|Simple Trading Ideas||
When volatility falls to a low level Bollinger Bands are narriwing as you can see on the chart below. This is called the Squeeze. Usually periods of low volatility are followed by periods of high volatility. Narrow bands can foreshadow a significant move either up or down. Since VIX is already on low level this move most likely will be a move higher.
Below is the volatility chart for the Gold SPDR, GLD with the price chart for the same time period. Historical volatility and implied volatility is back in the lower range we haven't seen since June. It's easy to notice a negative correlation between implied volatility and the price chart. Also notice how the two converged since the beginning of August. Another thing I would notice is that implied volatility is moving slightly higher and crossed above historical volatility. The question is at what point they will diverge again and whether prices will move further up or decline.
Option traders and often stock traders use volatility charts all the time. The reason is that volatility plays an important role in option pricing, and current volatility levels can help to predict future price movements.
Volatility tells us how fast a stock changes in price. Volatility itself is not going to tell us which direction prices are going to move. Faster moving stocks, either up or down, have higher volatility, slower moving stocks have lower volatility.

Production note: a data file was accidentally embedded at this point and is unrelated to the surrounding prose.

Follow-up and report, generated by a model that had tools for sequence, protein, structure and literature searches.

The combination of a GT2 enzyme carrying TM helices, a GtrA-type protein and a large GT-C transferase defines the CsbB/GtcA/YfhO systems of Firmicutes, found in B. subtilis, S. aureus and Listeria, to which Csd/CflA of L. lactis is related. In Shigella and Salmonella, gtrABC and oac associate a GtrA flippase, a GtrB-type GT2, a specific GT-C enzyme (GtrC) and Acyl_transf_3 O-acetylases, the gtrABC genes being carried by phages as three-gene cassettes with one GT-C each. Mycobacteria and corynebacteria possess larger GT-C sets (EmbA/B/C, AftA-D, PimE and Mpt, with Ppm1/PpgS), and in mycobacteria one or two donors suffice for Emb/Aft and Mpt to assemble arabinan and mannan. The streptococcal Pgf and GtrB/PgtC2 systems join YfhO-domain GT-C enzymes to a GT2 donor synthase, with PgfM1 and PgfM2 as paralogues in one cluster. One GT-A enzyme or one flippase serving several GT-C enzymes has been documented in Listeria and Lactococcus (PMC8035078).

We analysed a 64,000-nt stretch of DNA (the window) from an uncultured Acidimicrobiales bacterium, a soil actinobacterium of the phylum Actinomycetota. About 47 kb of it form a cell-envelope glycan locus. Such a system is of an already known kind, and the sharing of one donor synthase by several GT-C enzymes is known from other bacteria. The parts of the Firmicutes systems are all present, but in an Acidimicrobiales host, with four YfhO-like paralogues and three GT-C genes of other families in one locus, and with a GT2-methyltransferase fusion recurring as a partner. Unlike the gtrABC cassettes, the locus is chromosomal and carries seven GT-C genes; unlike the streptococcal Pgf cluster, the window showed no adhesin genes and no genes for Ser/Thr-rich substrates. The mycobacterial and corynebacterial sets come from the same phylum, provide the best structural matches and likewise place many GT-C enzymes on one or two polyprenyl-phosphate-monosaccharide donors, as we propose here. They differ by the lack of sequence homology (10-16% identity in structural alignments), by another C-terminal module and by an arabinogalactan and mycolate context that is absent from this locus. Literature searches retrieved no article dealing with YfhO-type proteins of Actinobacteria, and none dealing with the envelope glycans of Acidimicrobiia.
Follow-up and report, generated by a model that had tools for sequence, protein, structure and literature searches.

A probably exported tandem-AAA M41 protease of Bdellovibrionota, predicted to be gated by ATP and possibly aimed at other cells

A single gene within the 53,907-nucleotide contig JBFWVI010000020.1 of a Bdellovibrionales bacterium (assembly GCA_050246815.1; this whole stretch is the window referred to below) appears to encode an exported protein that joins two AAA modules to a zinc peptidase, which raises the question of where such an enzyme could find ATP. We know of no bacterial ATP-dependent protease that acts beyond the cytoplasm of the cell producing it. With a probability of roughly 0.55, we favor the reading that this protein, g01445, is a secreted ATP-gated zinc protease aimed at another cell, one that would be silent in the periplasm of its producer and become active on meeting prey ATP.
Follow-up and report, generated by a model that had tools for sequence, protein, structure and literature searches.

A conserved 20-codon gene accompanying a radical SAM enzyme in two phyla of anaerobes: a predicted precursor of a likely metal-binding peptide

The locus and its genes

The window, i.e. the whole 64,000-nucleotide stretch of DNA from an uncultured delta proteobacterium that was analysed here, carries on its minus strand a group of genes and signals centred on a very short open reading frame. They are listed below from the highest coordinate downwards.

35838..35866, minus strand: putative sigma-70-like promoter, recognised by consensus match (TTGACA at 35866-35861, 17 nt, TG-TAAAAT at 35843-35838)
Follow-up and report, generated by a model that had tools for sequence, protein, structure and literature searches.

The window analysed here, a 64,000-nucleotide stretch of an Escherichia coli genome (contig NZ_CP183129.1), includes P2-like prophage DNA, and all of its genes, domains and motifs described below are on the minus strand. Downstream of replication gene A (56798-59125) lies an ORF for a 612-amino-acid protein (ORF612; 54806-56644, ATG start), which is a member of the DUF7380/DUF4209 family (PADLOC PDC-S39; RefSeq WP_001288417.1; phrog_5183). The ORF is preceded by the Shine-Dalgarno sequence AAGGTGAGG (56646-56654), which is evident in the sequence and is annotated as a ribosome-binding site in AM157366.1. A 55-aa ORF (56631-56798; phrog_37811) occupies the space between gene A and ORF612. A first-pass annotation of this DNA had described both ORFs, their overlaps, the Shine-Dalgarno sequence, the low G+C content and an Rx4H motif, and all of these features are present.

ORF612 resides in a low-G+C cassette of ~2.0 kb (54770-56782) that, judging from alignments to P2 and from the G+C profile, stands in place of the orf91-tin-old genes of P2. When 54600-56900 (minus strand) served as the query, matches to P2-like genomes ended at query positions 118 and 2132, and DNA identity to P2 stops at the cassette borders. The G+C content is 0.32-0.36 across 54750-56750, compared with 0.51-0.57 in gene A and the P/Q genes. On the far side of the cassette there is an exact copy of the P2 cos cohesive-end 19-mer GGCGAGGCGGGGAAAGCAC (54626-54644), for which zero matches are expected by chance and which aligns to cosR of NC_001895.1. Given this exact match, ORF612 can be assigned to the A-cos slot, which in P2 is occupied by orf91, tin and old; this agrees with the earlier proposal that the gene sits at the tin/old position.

There are two types of volatility that are important to know. Historical Volatility or HV is telling us about past price movements during a certain period of time. HV is the annualized standard deviation of past stock price movements. There is statistical formula which gives us Historical volatility. It can be calculated for the past 10, 20, 30, 60, 90 or any number of days. It helps to compare shorter term HV with longer term HV. This will tell us recent price movements.
Implied Volatility on the other hand is not calculated from past data, it is the option market’s prediction about future price movement. Implied Volatility constantly changes and that affects option prices. With increased Implied Volatility both calls and puts get more expensive. Implied Volatility indicates a one standard deviation move over a course of a year expressed as a percentage of the stock price. If a stock is currently trading at $50.00 and IV, the Implied Volatility is 40% than the one standard deviation move would be + or - $20.00 over the next 12 months.
Historical and Implies Volatility are constantly change and most of the time they are different. They move apart and at some point they converge.
Volatility Charts show the movement of Historical and Implied Volatility. The one thing we can notice from volatility charts is that volatility moves in a range. Volatility is not trending for a long period of time unlike most stocks do. When Implied Volatility is in the lower range options tend to be cheap and in the upper range they are expensive.
Below is the Volatility Chart for SPY. Although Historical Volatility is still low, Implied Volatility is moving higher. Option traders are expecting a bigger price movement for SPY, or the S&P 500. There is also a chart included so you can compare volatility movements with price movements during the same period of time.